A universal human reference genome?

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It is hard to overstate the importance of the human reference genome. In our editorial we want to acknowledge the value of this resource and at the same time ask what it would take to improve it further towards a reference that better reflects human diversity.

First and foremost we think that the Genome reference consortium (GRC) needs assistance from the community to fill gaps in the current reference and provide alternative assemblies for highly divergent regions. Just to give an example, currently there are only three diverse regions incorporated in the genome, but there likely are hundreds more. One of them, one that the GRC is actively working on, is the repeat rich region in chromosome 1q21.1 that is implicated in several cognitive and developmental disorders. Unfortunately the GRC does not have the resources to focus on more than a handful.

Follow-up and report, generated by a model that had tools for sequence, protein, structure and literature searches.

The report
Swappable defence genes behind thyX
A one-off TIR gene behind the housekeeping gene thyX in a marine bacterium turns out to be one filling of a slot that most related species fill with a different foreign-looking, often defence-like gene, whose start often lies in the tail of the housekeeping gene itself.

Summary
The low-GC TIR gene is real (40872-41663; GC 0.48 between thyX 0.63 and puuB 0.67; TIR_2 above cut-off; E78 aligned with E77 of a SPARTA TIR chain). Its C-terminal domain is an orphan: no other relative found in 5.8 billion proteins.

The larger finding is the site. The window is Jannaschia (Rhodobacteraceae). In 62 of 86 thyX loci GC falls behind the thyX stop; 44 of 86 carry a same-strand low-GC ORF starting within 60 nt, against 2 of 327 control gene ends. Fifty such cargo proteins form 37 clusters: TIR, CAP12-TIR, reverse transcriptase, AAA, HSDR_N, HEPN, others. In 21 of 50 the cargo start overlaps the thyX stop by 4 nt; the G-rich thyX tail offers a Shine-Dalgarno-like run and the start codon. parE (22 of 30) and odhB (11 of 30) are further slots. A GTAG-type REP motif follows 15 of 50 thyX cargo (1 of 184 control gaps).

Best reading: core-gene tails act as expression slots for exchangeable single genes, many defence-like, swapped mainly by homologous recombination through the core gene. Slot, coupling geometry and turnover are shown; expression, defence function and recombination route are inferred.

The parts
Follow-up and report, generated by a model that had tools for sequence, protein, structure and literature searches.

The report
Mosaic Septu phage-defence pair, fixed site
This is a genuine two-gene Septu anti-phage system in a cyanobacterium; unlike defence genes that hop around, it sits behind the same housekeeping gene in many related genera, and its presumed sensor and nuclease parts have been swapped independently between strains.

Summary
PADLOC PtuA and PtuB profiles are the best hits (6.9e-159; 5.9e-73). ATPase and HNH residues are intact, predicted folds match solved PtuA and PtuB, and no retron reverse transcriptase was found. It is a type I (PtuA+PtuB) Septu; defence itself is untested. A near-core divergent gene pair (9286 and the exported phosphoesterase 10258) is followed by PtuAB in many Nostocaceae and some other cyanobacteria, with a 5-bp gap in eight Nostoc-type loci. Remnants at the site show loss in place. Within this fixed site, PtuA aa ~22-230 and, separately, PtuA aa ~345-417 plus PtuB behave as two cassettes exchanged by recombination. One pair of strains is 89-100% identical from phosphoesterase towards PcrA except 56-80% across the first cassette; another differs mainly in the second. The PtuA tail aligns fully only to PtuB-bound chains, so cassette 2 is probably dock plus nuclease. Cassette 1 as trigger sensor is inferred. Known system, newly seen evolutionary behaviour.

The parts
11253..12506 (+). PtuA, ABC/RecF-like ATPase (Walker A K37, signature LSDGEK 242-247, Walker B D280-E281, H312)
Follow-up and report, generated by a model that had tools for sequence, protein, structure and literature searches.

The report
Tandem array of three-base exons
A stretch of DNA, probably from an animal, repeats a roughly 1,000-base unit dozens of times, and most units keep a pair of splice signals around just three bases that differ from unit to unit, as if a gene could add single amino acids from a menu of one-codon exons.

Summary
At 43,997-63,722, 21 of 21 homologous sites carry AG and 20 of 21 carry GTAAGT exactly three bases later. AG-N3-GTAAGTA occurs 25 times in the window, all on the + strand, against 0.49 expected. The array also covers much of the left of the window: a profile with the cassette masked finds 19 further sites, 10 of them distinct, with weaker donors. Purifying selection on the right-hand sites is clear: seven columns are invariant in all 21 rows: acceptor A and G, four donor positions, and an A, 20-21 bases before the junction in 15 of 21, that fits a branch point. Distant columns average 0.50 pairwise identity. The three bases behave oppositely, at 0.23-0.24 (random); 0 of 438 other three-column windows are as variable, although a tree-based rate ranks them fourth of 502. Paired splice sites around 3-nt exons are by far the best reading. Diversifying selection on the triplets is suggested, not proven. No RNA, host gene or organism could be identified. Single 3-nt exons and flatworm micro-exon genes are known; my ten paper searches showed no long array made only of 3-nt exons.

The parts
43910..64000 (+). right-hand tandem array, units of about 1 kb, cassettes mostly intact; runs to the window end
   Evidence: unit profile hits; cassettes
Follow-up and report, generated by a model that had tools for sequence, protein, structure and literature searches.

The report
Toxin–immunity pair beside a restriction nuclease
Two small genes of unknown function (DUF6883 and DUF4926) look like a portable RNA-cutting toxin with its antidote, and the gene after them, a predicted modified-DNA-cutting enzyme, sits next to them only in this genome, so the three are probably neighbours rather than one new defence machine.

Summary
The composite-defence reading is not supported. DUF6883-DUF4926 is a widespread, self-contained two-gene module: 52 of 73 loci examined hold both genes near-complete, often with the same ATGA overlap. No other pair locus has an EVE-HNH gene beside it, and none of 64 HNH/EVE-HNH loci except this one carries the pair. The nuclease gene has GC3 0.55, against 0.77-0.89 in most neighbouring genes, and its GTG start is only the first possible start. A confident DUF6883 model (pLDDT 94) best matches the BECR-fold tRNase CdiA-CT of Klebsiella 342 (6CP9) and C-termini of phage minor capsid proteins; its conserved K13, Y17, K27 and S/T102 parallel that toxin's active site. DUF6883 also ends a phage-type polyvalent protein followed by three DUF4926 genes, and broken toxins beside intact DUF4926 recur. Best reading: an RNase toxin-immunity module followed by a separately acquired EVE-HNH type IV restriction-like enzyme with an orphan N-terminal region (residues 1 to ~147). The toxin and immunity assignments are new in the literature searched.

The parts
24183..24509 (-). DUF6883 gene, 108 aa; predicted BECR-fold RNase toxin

Of course there are also things the GRC can do to improve the reference.

Some improvements have already been decided upon, for example a switch to common haplotypes. This decision brings its own challenges – determining what is a common versus a rare haplotype is not always easy. And some important information may be lost in the conversion, for example in cases where the common allele contains a stop codon whereas the rare allele reads through and produces the protein. The latter is likely to be medically relevant.

Another desirable feature would be an easier navigation system to make the reference more user friendly.

What are your experiences with the human reference genome? What are the areas you think need improvement? Do you think a reference that reflects human diversity is attainable or even desirable?

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Nicole Rusk

Senior Editor, Springer Nature

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